How Batman: The Animated Series Heightened My Music Education

Lessons from the Dark Knight

I discovered my love for the Caped Crusader when Batman Returns was set to premiere in the early '90s. I was just old enough to recognize the franchise growing around me, as the 1989 Batman had been a considerable success. Beyond the promotion for the second film, kid-friendly merchandise appeared, and suddenly Batman followed me everywhere I went.

Later, when the films began airing on TV, I became enamored with the soundtrack. I loved how the music immersed viewers in the on-screen action. That was the first time I paid attention to music for motion pictures. It was also the introduction to one of my biggest music influences: Danny Elfman, who scored the film.

Even before I knew I would pursue music as an occupation, I was fascinated by how the story Danny told with his music both stood alone and enhanced the movies. My interest paired nicely with my introduction later to ​​Batman: The Animated Series, and its theme composer—you guessed it—Danny Elfman.

The show brought me straight back to the sonic world he created with both Batman flicks. Then I discovered, years later, that much of the music for the series was written by Shirley Walker, and Danny primarily composed the opening sequence. So, I got to add a second major influence to my list.

I would go on to teach music lessons, piano lessons, and I would introduce my students to different instruments using tracks from Batman: The Animated Series. I would have them discuss which instruments stuck out, which melodies repeated, and where they felt the strongest emotional pulls. By introducing a new generation to Shirley and Danny's work, I got an opportunity to educate myself on the mastery of their craft even further.

Listening to Danny and Shirley and absorbing their technique, I learned how to take one singular theme, be it a melody or riff, and expand it in different ways throughout a composition. They could tell an entire story starting with one motif—perhaps opened by the string section—that culminated in an orchestral event.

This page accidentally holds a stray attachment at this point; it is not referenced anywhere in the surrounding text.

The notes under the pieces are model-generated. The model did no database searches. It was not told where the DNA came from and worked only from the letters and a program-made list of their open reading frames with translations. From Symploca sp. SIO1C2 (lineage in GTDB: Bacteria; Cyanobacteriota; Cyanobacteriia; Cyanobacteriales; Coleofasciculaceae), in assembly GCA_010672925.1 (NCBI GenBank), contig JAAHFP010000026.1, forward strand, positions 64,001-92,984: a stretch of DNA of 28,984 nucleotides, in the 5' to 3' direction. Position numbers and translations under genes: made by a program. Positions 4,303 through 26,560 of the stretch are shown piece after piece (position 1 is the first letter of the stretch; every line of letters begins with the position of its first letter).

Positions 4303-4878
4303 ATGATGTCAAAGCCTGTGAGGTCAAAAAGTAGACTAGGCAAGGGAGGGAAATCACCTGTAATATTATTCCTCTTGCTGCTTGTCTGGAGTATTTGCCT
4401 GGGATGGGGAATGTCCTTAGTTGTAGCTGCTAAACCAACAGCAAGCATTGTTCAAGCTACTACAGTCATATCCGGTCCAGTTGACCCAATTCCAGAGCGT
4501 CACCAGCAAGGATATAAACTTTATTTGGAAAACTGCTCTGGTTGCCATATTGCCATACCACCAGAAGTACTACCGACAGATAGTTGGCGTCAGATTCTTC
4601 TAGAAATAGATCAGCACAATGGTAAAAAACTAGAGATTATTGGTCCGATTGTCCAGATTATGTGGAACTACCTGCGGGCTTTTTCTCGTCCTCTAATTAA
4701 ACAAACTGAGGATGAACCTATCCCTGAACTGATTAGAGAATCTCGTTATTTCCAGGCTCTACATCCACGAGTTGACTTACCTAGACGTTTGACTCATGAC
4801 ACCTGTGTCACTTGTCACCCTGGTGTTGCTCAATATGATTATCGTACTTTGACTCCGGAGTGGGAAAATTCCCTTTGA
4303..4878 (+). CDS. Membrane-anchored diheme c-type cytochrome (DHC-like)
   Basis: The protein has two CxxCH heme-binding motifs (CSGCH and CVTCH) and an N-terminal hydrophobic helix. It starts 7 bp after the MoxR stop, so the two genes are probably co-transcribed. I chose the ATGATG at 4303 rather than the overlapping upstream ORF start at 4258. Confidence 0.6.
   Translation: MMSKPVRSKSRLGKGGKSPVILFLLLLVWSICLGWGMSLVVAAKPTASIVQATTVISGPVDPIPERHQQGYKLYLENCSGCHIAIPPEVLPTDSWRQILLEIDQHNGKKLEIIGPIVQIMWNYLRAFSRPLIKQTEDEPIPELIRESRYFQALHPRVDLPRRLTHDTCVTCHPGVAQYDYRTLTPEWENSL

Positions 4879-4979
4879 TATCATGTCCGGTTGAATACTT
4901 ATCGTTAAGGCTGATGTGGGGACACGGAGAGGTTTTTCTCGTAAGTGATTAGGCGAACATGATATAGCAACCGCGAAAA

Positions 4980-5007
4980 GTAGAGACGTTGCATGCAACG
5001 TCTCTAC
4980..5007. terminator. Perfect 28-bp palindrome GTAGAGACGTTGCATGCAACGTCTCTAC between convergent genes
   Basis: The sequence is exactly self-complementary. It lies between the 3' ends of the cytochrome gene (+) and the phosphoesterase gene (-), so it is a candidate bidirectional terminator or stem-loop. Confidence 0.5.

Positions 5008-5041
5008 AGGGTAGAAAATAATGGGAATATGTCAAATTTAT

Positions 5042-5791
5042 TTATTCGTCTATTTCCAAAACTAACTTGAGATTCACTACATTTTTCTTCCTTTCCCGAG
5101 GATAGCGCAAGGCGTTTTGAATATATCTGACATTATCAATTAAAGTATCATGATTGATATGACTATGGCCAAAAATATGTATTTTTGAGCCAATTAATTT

Being exposed to their music from such a young age also instructed me on the art of engrossing my listeners. For me, this immersion always starts with an image. Working with clients or recording artists on a track, I envision a scene in my head that I follow as I work (even if I make up the scene just for my own use). If that scene doesn't evolve with the writing of the music, I know I'm on the wrong track. It means my music isn't telling its own story, and that I need to experiment with different approaches.

Had I not been indoctrinated by the Dark Knight in my childhood, I'm not sure I would have appreciated music in films and TV the same way, or chosen this career path. But both composers taught me, and countless other viewers and listeners, that music is as powerful a storytelling device as the plot on the screen.

Music by itself can tell a story. A film or program without music loses the soul that brings it to life.

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